I thought back to the Saturday morning. As we’d driven back into camp a family of elephants had spooked – hundreds of meters away and upwind. They’d screamed and run. We’d had lions all around camp the night before, and I assumed they’d chanced upon them – but we later remarked on how they’d carried on running. Their fear was contagious, and for the next few hours, elephants all around were noisy and nervous. I wonder now, whether it hadn’t been lions, but poachers that had spooked the herd.
We landed and set off for camp – prepared for the worst. While away, we had tried to get photographs sent to identify the bull, but we need not have worried. Before we’d even turned off the engine, Mzee Musili was at our side, and smiling, to tell us that he’d seen Chota at dawn – up to his old trick of emptying the shower bucket.
My relief that he hadn’t been killed was immediate and considerable, but quickly tempered by a feeling of guilt – for my relief was selfish. I’d not wanted the elephant that had been killed, to be one that I knew.
Instead, an unknown bull had died. He was just as important – all he lacked was a name.
The death of that bull went unremarked and unannounced in the press. It happened in the same week that ‘Save the Elephants’ released the news of the death of ‘Mountain Bull‘ – the famous elephant who was felled by a poacher’s poisoned spear on the slopes of Mount Kenya. Unlike ‘Mountain Bull’, our unknown bull had no history with humans, no name, no satellite collar – he hadn’t been the subject of press articles and tv programs. He wasn’t an ambassador for elephants or an elephant poster boy – just a normal elephant, living his life, until felled by a burst of fire from an AK 47.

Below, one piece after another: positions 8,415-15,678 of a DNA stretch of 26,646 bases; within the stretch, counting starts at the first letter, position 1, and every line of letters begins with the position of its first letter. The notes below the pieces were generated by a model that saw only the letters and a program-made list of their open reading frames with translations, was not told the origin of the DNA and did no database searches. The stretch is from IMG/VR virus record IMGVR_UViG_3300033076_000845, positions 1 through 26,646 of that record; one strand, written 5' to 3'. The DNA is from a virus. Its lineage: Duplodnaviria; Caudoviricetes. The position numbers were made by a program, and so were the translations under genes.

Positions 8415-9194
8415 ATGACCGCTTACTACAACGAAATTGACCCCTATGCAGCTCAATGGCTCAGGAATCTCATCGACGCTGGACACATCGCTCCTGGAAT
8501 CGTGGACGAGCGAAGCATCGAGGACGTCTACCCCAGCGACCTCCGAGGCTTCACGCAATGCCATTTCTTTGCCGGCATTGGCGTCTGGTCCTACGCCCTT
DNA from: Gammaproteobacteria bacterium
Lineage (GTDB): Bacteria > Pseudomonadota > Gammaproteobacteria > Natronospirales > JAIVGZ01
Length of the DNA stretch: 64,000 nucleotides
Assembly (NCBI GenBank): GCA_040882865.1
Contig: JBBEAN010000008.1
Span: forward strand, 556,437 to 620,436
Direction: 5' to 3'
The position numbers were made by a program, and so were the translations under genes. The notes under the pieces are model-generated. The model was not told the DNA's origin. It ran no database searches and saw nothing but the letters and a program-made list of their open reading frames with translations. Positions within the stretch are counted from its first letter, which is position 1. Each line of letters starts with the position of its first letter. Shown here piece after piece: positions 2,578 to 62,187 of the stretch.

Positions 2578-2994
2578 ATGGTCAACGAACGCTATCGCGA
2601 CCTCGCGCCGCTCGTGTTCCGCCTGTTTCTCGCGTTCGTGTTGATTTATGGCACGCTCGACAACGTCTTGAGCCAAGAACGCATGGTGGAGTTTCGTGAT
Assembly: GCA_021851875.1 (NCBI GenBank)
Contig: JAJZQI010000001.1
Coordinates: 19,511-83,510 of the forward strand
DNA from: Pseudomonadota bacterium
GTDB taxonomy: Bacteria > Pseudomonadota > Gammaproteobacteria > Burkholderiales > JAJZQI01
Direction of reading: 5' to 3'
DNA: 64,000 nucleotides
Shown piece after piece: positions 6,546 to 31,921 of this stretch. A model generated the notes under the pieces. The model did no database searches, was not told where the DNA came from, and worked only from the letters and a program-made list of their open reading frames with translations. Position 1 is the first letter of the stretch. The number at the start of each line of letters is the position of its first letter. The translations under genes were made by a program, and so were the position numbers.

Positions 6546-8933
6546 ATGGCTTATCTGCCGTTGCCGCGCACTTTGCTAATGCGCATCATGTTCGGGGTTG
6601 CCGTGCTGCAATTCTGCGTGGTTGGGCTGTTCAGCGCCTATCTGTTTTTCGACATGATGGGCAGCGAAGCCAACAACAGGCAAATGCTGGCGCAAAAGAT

We wouldn’t have forgotten him – but his identity would have slowly ebbed away. We drove out to his body again recently. Already, his bones had been spread around by hyaenas. The next time the river comes down in flood, the bones will be rolled downstream, buried under sand – or slowly eroded to become sand themselves. In a year, there’ll be nothing left to show he ever existed.
His story would have ended there – but, two weeks later, police in Mombasa discovered 228 whole tusks and 74 pieces, in a car dealer’s warehouse.
As the story broke it seemed that the ivory came from DRC, and that Mombasa was merely the hub the smugglers used. Later, as speculation was replaced by fact, the ivory was reported to be Kenyan in origin – from the Boni forest and Tsavo. Much of it looked fresh and blood-stained. One of the tusks was probably from the bull that was shot in the riverbed, less than two weeks before.